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Francesco Gizzi: Stadium Development and Construction (ESSMA Course Part I)

Since my decision to take on the challenge of the FBA master last March, I have been craving for inside knowledge in the football industry. The Stadium Operations course provided by ESSMA is perhaps the best example of what I was hoping and looking for: a great combination of insightful presentations and case studies to look at, which really allows the FBA candidates to get closer to the field and to get, therefore, an overall understanding of the football business itself. Not only were we provided with useful material every week, but we were also given the chance of talking directly with professionals in this field for a couple of hours, sharing with them opinions and addressing some of the most urgent and relevant issues. We have recently completed the first part of the module which was focused on the development and construction phase of a stadium, that is the very early stages when a renovation or a construction project is being thoroughly considered by the club management.

The first 2 sessions were with John Barrow, an international architect with over 30 years of experience in the field of sports and entertainment venues, while the last one on part 1 of the course was with Birger Bass, head of stadium infrastructure and stadium security of DFL (the German Football League).

First and foremost, we took a closer look at the main stakeholders involved in this lengthy and quite complex process: owner, sponsors, funders, municipality, naming rights partners, federations, developers, contractors, local and national politicians and many others which have huge interests at stake and are to be taken always into consideration especially in this first stage in order to avoid serious issues later on. What’s more, all the details and requirements must be stated clearly since the very beginning: from the seating capacity to food and beverage, spaces allocated to media, hospitality, suites, lounge, fan zones, security and safety provisions and so forth.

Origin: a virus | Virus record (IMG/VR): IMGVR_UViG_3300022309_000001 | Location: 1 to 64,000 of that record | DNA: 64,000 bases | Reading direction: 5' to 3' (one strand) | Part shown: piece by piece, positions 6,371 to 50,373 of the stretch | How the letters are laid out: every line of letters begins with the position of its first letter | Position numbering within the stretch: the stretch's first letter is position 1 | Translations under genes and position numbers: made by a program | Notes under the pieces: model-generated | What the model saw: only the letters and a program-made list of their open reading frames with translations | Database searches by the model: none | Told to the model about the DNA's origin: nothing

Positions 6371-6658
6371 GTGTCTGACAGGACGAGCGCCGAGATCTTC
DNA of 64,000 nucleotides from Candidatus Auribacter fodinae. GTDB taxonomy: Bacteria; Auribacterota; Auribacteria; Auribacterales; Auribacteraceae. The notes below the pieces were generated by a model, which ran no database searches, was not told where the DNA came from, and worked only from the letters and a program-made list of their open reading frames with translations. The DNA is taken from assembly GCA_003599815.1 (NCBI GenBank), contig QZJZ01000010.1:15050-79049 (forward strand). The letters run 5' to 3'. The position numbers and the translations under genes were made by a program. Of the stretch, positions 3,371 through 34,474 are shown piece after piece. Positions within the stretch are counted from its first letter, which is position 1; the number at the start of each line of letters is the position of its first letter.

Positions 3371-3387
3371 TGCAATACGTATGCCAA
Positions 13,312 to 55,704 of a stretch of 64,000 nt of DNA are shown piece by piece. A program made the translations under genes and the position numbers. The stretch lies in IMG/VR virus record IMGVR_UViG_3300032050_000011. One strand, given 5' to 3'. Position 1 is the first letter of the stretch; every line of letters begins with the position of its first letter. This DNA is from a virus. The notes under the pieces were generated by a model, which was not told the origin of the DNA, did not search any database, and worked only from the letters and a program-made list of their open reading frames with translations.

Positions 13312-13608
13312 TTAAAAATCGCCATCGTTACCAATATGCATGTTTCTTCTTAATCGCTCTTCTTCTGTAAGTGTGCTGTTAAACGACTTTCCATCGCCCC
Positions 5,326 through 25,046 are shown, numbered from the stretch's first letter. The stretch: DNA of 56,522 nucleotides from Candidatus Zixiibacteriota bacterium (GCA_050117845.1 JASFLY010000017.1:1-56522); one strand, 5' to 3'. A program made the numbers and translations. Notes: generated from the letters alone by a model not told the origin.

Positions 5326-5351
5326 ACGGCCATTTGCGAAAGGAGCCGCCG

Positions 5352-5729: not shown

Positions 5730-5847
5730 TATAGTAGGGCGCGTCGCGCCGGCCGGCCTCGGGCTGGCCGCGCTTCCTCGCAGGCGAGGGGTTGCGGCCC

John then shared with us case studies to which he himself had worked on or had been directly involved in; among the many useful provided, the new Olympic Lyonnais stadium inaugurated in 2016 and the Emirates stadium stand out as they blatantly show what a modern and successful stadium is supposed to deliver nowadays: a bunch of services and entertainment which go beyond the football match itself and is therefore capable of creating a reliable stream of revenue from the matchday activity of a club.

Speaking of legacy, that is what happens to a facility when a specific event has taken place, we then went on analysing the temporary solutions which might turn out to be particularly handy when it comes to the Olympics games. The volleyball stadium in London 2012 is perhaps one of the most iconic examples in this regard as it was built up in quite a spectacular setting, close to Buckingham Palace, and was left in place for just 3 months. Temporary solutions are cheap, relatively easy to build and, more importantly, sustainable as they do not end up being a burden on the tax-payers shoulders in contrast to some permanent solutions. We then also had the chance of taking a look at the London Olympic Village in Stratford and the one in Sochi for the Winter Olympic Games trying to draw a comparison between these two and eventually make an assessment on their legacy. It was particularly interesting to get insights from John Barrow about the Fisht stadium in Sochi, which is being used also now for the World Cup, following all the steps of the development project.

With Birger Nass, we had to change the perspective on the matter. In fact, the compliance with the national federation requirements, in this specific case the German one, is also an important factor to be taken into account and sometimes can be a boost to renovate or construct a new stadium as we’ve seen in his presentation. Among the 6 licensing criteria which ought to be fulfilled every year by German clubs, in fact, one is about the infrastructure. Clubs in their respective league have to present facilities which are deemed suitable to host fans when it comes to safety and security. Interestingly, we saw how the process of renovation and construction did not end with the World Cup in 2006, quite the opposite. Since 2007, the year immediately after, in Germany 10 brand new stadiums have been built. And this comes as no surprise if we were to give a glimpse to the figures. Just to put this claim into context, Mainz opened its new stadium, the Opel Arena which cost around €60 million, for the 2011-2012 season and in only one season had accounted for a percentage growth in its revenues of roughly 61%.: from €41mil. to €68mil. A figure which points out immediately how much benefits a club can get from owning a modern new stadium and highlights, even more, why it is so crucial for young future professionals like us to be acquainted with this increasingly important aspect of the football business.

We look forward to starting this week the second part of the course which will be concerned with Operations and Exploitations.

Francesco Gizzi is a Candidate of The FBA’s Professional Master in Football Business, expected to graduate in February 2019. He can be contacted via LinkedIn.

ESSMA, the European Stadium and Safety Management Association, is a strategic partner of The FBA. For more information on what they do please visit